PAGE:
Stowaway in the Landing Gear
The thrilling story of a teen who made a daring escape from Cuba—in the frigid belly of a transatlantic DC-8 jet. An RD Classic from the January 1970 edition
The jet engines of the Iberia Airlines DC-8 thundered in an earsplitting crescendo as the big plane taxied towards where we huddled in the tall grass just off the end of the runway at Havana’s José Martí Airport. For months, my friend Jorge Pérez Blanco and I had been planning to stow away in a wheel well on this flight, No. 904, Iberia’s weekly non-stop run from Havana to Madrid. Now, in the late afternoon of 3 June 1969, our moment had come.
We realized that we were pretty young to be taking such a big gamble; I was 17, Jorge 16. But we were both determined to escape from Cuba, and our plans had been made carefully. We knew that departing airliners taxied to the end of the 11,500-foot runway, stopped momentarily after turning around, and then roared at full throttle down the runway to take off. We wore rubber-soled shoes to aid us in crawling up the wheels and carried ropes to secure ourselves inside the wheel well. We had also stuffed cotton in our ears as protection against the shriek of the four jet engines. Now we lay sweating with fear as the massive craft swung into its about-face, the jet blast flattening the grass all around us. “Let’s run!” I shouted to Jorge.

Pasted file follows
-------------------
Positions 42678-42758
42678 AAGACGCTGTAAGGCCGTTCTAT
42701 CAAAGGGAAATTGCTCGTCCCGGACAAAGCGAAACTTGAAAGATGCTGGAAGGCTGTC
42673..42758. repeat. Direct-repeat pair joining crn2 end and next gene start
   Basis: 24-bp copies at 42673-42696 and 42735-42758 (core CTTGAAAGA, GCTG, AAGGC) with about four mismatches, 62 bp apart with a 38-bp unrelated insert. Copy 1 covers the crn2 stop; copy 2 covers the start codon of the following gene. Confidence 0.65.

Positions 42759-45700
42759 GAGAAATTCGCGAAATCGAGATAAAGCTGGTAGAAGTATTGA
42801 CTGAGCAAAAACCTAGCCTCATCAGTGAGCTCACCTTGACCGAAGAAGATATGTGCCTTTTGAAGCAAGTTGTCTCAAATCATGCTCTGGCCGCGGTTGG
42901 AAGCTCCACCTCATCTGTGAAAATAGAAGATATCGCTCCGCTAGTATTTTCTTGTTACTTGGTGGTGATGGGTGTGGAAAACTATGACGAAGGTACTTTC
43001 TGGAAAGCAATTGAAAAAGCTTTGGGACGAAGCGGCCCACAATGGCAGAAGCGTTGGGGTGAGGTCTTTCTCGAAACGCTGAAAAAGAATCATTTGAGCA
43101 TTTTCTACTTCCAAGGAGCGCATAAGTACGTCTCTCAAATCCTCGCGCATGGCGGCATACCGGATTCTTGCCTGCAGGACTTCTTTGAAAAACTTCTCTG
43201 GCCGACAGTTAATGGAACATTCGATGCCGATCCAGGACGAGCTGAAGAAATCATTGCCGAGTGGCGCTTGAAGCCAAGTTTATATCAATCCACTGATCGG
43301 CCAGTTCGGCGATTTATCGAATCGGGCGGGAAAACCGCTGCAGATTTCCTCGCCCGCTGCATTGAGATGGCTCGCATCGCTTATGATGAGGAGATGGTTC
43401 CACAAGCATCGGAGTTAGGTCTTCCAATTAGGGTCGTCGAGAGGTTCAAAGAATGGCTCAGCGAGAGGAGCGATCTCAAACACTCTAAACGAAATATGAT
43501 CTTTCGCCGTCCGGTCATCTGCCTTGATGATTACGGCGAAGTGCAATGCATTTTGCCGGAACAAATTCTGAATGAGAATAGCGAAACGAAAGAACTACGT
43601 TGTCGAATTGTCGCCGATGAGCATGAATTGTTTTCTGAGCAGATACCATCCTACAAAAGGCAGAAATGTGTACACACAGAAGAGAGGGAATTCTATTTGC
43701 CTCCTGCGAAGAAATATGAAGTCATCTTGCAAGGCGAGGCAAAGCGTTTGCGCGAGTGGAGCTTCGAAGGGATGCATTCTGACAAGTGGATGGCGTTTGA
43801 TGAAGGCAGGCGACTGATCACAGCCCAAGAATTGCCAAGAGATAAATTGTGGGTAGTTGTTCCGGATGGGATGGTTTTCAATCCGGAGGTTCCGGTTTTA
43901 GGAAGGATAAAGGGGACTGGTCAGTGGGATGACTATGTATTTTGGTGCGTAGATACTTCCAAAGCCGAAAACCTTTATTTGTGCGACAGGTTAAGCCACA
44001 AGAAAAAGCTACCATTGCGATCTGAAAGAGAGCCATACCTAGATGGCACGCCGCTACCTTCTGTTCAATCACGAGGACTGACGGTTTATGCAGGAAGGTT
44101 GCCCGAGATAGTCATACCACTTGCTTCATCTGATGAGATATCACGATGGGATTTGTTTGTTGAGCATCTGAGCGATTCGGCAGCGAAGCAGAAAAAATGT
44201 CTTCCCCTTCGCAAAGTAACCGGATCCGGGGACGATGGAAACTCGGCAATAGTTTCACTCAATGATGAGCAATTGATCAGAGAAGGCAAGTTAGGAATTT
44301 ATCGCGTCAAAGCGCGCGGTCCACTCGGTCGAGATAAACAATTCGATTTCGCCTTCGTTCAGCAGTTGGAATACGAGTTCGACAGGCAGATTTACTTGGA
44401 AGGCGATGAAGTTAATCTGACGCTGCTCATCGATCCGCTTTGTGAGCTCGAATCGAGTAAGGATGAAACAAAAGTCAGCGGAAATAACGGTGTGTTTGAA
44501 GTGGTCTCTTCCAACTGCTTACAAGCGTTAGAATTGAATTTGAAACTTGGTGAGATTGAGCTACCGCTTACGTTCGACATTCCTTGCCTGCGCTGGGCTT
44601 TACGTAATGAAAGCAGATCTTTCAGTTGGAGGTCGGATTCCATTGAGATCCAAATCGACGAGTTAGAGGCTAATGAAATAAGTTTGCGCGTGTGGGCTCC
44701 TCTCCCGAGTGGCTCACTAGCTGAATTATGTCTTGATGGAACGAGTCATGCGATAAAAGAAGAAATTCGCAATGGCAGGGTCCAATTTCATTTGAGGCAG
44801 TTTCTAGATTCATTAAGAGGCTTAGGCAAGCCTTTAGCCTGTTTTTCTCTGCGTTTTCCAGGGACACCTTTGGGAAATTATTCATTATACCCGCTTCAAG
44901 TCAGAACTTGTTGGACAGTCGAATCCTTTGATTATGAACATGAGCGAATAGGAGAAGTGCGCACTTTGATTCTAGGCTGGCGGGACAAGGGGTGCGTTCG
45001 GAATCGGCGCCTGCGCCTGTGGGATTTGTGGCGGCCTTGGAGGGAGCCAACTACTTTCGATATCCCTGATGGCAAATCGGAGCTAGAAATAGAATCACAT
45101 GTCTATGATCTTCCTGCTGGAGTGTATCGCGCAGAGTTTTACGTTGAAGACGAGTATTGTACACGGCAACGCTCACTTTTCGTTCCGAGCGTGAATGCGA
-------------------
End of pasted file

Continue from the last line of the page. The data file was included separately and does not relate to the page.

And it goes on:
We dashed on to the runway and sprinted towards the left-hand wheels of the momentarily stationary plane. As Jorge began to scramble up the 42-inch-high tyres, I saw there was not room for us both in the single well. “I’ll try the other side!” I shouted. I climbed quickly on to the right wheels, grabbed a strut and, twisting and wriggling, pulled myself into the semi-dark well. The plane began rolling immediately, and I grabbed some machinery to keep from falling out. The roar of the engines nearly deafened me.
As we became airborne, the huge double wheels, scorching hot from take-off, began folding into the compartment. I tried to flatten myself against the overhead as they came closer and closer; then, in desperation, I pushed at them with my feet. But they pressed powerfully upwards, squeezing me against the roof of the well. Just when I felt that I would be crushed, the wheels locked in place and the bay doors beneath them closed, plunging me into darkness. So there I was, my five-foot-four, 63-kilo frame literally wedged in amid a spaghetti-like maze of conduits and machinery. I could not move enough to tie myself to anything.
Then, before I had time to catch my breath, the bay doors suddenly dropped open again and the wheels stretched out into their landing position. I held on for dear life, swinging over the abyss, wondering whether I had been spotted, whether even now the plane was turning back to hand me over to [Fidel] Castro’s police.
By the time the wheels began retracting again, I had seen a bit of extra space among all the machinery where I could safely squeeze. Now I knew there was room for me, even though I could scarcely breathe. After a few minutes, I touched one of the tyres and found that it had cooled off. I swallowed some aspirin tablets against the head-splitting noise and began to wish that I had worn something warmer than my light sport shirt and green fatigues.